Evaluating limits

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Homework Statement



Consider a function f: D∈R, where D = {1/n for natural numbers n (1, 2, 3, 4, etc.)} and f(x) = 3x - 1 for all x in D. Explain why the limit of f(x) as x → 1 does not exist.

Homework Equations





The Attempt at a Solution



Uh I figured it would exist. We know a function does not have a limit at c if and only if there exists a sequence (x_n) where x_n ≠ c for all natural numbers n such that (x_n) converges to c but the sequence (f(x_n)) does not converge in the reals.

there will not exist such a sequence in D that converges to 1 because x_n cannot equal 1 for any n. so the limit must exist. i mean why wouldn't the limit exist?
 

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  • #2
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Homework Statement



Consider a function f: D∈R, where D = {1/n for natural numbers n (1, 2, 3, 4, etc.)} and f(x) = 3x - 1 for all x in D. Explain why the limit of f(x) as x → 1 does not exist.

Homework Equations





The Attempt at a Solution



Uh I figured it would exist. We know a function does not have a limit at c if and only if there exists a sequence (x_n) where x_n ≠ c for all natural numbers n such that (x_n) converges to c but the sequence (f(x_n)) does not converge in the reals.

there will not exist such a sequence in D that converges to 1 because x_n cannot equal 1 for any n. so the limit must exist.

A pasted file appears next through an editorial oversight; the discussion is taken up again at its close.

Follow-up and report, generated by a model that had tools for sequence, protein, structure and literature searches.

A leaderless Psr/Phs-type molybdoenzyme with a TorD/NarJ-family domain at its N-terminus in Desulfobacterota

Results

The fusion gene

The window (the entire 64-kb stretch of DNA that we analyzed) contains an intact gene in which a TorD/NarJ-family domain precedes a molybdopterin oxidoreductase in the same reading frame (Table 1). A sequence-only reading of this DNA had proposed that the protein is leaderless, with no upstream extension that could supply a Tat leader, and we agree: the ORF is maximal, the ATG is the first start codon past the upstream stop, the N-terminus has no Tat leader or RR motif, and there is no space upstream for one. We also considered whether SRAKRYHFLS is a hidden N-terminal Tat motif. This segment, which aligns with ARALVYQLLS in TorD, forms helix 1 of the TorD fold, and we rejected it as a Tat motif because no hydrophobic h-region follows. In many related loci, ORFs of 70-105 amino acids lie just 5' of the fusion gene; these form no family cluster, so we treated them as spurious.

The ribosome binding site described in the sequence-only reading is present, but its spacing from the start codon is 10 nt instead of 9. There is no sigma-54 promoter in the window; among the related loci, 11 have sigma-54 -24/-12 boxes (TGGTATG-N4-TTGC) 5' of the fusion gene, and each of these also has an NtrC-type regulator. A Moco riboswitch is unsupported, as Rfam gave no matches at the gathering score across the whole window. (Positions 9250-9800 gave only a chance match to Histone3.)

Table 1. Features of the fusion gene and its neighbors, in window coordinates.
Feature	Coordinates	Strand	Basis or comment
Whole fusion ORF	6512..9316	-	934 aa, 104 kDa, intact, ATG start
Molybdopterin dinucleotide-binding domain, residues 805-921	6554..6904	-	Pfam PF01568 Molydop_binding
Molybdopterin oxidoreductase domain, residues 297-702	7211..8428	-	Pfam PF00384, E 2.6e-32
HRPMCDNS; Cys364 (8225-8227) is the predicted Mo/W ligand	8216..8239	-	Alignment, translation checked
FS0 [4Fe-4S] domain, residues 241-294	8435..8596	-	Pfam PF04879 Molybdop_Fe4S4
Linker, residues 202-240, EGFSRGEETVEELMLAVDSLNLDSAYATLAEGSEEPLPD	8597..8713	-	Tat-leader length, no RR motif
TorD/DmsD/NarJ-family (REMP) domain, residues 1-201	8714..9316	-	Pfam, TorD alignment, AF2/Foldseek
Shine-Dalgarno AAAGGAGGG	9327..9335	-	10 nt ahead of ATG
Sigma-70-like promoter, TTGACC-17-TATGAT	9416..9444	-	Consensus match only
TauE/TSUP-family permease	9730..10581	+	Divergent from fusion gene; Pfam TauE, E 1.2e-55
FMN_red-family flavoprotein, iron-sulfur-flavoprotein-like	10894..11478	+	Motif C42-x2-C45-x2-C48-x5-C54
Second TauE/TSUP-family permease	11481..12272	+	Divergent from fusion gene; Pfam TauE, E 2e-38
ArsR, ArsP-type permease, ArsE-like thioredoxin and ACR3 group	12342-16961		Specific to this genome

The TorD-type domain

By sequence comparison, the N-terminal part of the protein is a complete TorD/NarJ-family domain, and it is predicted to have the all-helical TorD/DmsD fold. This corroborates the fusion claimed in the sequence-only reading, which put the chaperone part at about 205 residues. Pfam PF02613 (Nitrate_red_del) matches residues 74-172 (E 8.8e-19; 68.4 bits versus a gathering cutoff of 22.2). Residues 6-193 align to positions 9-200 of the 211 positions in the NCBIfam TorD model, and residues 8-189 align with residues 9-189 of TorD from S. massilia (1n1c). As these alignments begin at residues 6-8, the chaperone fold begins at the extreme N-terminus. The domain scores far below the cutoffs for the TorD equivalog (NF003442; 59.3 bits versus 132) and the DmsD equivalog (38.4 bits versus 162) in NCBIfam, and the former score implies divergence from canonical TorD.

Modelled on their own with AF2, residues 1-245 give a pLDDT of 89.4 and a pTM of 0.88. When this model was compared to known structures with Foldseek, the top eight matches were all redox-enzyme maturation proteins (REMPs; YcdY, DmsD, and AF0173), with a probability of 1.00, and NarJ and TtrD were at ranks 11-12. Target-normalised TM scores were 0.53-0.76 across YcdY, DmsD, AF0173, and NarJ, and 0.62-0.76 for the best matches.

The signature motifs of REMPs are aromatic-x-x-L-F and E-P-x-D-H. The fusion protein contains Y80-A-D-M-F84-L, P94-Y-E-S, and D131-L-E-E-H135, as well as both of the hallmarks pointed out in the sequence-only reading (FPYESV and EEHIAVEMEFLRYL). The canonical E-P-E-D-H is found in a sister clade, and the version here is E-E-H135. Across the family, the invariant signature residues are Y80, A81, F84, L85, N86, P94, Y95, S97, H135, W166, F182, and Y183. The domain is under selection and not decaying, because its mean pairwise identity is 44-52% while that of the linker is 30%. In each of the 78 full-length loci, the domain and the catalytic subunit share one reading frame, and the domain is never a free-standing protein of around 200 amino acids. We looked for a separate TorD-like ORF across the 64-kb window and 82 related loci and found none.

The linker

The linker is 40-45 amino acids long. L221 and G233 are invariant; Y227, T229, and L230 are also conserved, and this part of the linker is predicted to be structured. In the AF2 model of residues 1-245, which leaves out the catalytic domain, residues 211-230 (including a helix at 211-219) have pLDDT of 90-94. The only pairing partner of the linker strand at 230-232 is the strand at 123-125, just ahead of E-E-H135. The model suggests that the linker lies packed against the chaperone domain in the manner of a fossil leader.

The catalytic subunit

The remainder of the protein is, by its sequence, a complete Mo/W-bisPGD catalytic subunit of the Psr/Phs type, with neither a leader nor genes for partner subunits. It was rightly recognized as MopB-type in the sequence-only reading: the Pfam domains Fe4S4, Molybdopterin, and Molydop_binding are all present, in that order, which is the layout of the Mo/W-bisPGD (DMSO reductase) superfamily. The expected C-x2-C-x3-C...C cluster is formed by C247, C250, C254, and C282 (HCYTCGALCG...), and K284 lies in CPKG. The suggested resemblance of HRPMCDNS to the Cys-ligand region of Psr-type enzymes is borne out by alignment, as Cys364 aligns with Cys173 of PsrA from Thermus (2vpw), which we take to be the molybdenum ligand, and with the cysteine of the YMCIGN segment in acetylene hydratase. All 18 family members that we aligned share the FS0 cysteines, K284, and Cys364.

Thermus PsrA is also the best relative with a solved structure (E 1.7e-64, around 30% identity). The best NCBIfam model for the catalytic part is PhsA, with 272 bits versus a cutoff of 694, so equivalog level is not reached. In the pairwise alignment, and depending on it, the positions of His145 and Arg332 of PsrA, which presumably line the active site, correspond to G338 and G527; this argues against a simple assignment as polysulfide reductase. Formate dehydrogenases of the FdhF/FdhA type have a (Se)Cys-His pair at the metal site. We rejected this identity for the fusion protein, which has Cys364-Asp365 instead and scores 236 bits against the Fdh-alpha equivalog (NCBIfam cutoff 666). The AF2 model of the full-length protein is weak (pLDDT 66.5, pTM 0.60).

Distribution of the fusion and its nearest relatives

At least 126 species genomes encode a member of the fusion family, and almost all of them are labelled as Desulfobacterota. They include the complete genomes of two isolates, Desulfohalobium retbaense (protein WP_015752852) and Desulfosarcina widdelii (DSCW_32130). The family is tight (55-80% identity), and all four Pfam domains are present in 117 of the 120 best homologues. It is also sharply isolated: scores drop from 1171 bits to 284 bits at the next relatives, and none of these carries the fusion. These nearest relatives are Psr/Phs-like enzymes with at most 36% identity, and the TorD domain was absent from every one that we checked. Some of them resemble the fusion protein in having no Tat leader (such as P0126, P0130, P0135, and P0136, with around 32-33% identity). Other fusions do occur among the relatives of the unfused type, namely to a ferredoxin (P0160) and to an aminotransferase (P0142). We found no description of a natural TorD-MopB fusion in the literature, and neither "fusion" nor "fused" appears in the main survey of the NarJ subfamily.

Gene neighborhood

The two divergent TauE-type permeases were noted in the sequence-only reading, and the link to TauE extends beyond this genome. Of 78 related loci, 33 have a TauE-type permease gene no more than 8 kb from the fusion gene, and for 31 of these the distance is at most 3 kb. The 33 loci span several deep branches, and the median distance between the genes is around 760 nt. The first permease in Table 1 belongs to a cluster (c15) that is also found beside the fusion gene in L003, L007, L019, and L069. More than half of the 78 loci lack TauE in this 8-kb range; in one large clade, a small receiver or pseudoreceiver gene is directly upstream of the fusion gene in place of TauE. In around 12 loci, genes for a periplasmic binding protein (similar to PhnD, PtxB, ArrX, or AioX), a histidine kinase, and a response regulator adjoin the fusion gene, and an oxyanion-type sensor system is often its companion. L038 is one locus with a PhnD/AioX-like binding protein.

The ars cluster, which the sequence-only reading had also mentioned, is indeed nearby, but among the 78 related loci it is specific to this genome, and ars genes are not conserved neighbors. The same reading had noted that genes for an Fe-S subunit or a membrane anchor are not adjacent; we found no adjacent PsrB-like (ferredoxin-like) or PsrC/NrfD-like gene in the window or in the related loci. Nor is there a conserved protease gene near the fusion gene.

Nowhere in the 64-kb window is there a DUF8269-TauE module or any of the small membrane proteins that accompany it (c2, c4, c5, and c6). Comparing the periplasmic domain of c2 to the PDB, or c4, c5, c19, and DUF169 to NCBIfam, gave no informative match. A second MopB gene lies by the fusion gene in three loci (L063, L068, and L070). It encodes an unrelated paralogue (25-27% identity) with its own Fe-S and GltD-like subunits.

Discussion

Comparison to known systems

x1 = 1/1 = 1, right?
i mean why wouldn't the limit exist?
 
  • #3
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x1 = 1/1 = 1, right?

does this have to do with the fact that the limit from the left does not exist? but 1/n is always less than or equal to 1...so things seem well-defined....
 
  • #4
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The limit from the left has a better chance of existing than the limit from the right, which is not to say that the limit from the left exists. It might be helpful to sketch a graph of f, keeping in mind that the inputs to f come from your set D.
 
  • #5
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i don't quite understand the notion of a limit from one direction having a better chance of existing. to me, it is extremely clear the limit from the left does not exist, so the limit itself doesn't exist.

but things are confusing because we're using 1/n, which goes a different direction than x. if that makes sense.
 
  • #6
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By "better chance" I wasn't implying that the limit from the left actually existed. What I was getting at is that there are numbers in D that are smaller than 1, but no numbers in D that are larger than 1, so there's no chance of a limit from the right existing.

stripes said:
but things are confusing because we're using 1/n, which goes a different direction than x. if that makes sense.
It might be helpful to look at set D like this:
D = {..., 1/5, 1/4, 1/3, 1/2, 1}
Note that you can never get closer to 1 than 1/2 for the numbers in D.
 

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